Texas Hispanic population booming

HOUSTON In Texas alone, we now have 8.6 million Hispanics. Nationwide, there are 45.5 million with Hispanics making up more than 15 percent of the U.S. population.

The Latino population in the U.S. has been growing rapidly, looking at census numbers since 2000. In Texas, we've seen an increase of more than 27 percent in the Hispanic population since 2000. It's a topic being talked about a lot because it's an election year.

These increases are reportedly coming from births more than immigration.

When you look at Hispanic population growth and the most recent year of census data, from July 2006 to July of last year, nationwide, there was an increase of 1.4 million Hispanics in that year alone.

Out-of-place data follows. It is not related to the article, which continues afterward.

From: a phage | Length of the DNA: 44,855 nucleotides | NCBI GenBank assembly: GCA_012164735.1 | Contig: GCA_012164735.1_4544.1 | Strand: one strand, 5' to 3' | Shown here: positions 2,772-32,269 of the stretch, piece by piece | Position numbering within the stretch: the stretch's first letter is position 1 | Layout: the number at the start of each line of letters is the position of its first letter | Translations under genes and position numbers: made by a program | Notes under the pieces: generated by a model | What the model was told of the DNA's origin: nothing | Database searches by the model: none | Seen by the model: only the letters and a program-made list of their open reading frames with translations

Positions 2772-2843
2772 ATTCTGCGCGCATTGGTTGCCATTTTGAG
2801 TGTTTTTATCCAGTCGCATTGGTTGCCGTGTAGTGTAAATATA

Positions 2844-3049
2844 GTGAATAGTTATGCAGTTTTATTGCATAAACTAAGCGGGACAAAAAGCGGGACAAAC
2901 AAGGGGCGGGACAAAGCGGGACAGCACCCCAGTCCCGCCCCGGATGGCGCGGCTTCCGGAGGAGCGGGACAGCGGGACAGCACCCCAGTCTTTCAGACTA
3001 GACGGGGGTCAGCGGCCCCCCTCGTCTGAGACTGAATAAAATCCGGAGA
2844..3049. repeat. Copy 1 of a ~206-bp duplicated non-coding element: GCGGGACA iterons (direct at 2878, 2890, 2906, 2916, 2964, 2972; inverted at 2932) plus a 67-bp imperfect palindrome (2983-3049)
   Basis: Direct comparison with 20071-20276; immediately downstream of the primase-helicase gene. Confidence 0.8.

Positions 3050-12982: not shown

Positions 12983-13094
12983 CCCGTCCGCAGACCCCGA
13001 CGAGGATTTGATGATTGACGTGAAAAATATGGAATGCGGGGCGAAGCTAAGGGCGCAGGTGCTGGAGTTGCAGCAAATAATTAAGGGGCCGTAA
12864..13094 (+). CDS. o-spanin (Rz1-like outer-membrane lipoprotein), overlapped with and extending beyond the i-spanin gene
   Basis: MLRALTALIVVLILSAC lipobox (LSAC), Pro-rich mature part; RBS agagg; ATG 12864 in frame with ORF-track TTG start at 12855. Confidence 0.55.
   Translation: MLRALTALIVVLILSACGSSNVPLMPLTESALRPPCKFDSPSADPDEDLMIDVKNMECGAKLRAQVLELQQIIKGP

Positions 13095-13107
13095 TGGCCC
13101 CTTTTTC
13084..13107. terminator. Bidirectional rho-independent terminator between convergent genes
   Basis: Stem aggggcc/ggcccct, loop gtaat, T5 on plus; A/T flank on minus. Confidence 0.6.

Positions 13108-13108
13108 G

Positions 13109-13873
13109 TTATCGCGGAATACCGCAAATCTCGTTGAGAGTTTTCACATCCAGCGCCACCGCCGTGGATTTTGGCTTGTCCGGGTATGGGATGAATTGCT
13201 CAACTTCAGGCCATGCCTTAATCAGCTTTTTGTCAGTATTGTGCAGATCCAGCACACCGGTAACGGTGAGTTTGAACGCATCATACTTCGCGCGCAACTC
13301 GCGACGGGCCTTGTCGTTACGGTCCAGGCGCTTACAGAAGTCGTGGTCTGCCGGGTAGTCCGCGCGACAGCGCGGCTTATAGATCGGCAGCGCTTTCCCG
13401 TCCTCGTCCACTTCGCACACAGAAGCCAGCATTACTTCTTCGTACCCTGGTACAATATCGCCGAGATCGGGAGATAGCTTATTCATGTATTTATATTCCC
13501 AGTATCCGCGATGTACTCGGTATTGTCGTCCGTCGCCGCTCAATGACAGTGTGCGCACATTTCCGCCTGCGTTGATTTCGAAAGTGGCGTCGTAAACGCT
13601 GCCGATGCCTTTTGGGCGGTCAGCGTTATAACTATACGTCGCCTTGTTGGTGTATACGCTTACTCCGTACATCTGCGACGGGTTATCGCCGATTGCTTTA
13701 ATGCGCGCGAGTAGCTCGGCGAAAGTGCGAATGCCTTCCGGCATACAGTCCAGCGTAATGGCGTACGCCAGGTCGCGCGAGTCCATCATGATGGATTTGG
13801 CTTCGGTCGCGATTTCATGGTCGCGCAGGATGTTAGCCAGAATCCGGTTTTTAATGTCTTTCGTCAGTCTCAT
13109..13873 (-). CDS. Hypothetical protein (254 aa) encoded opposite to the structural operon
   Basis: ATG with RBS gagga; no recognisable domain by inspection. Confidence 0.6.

South Carolina saw the greatest percentage increase at 8.7 percent in just one year.

When it comes to Hispanic population growth since 2000, the percentage increases are astounding; nationwide, more than 27 percent, and topping the list for the greatest percentage changes is South Carolina at a 76 percent increase. Tennessee and Arkansas are hovering around 72 and 71 percent, respectively.

Even Congress is taking note. It passed legislation this week to study whether to add a new museum in the Smithsonian Institution System centering on the contributions of U.S. Hispanics.

More than 200 pro-immigration rallies are planned today across the country and in every single large city in Texas, including one in downtown Houston.

Today's rally is planned for 2pm outside the Leeland Federal Building on Louisiana. The march will proceed through downtown, ending at Antioch Park on Smith and Andrews.

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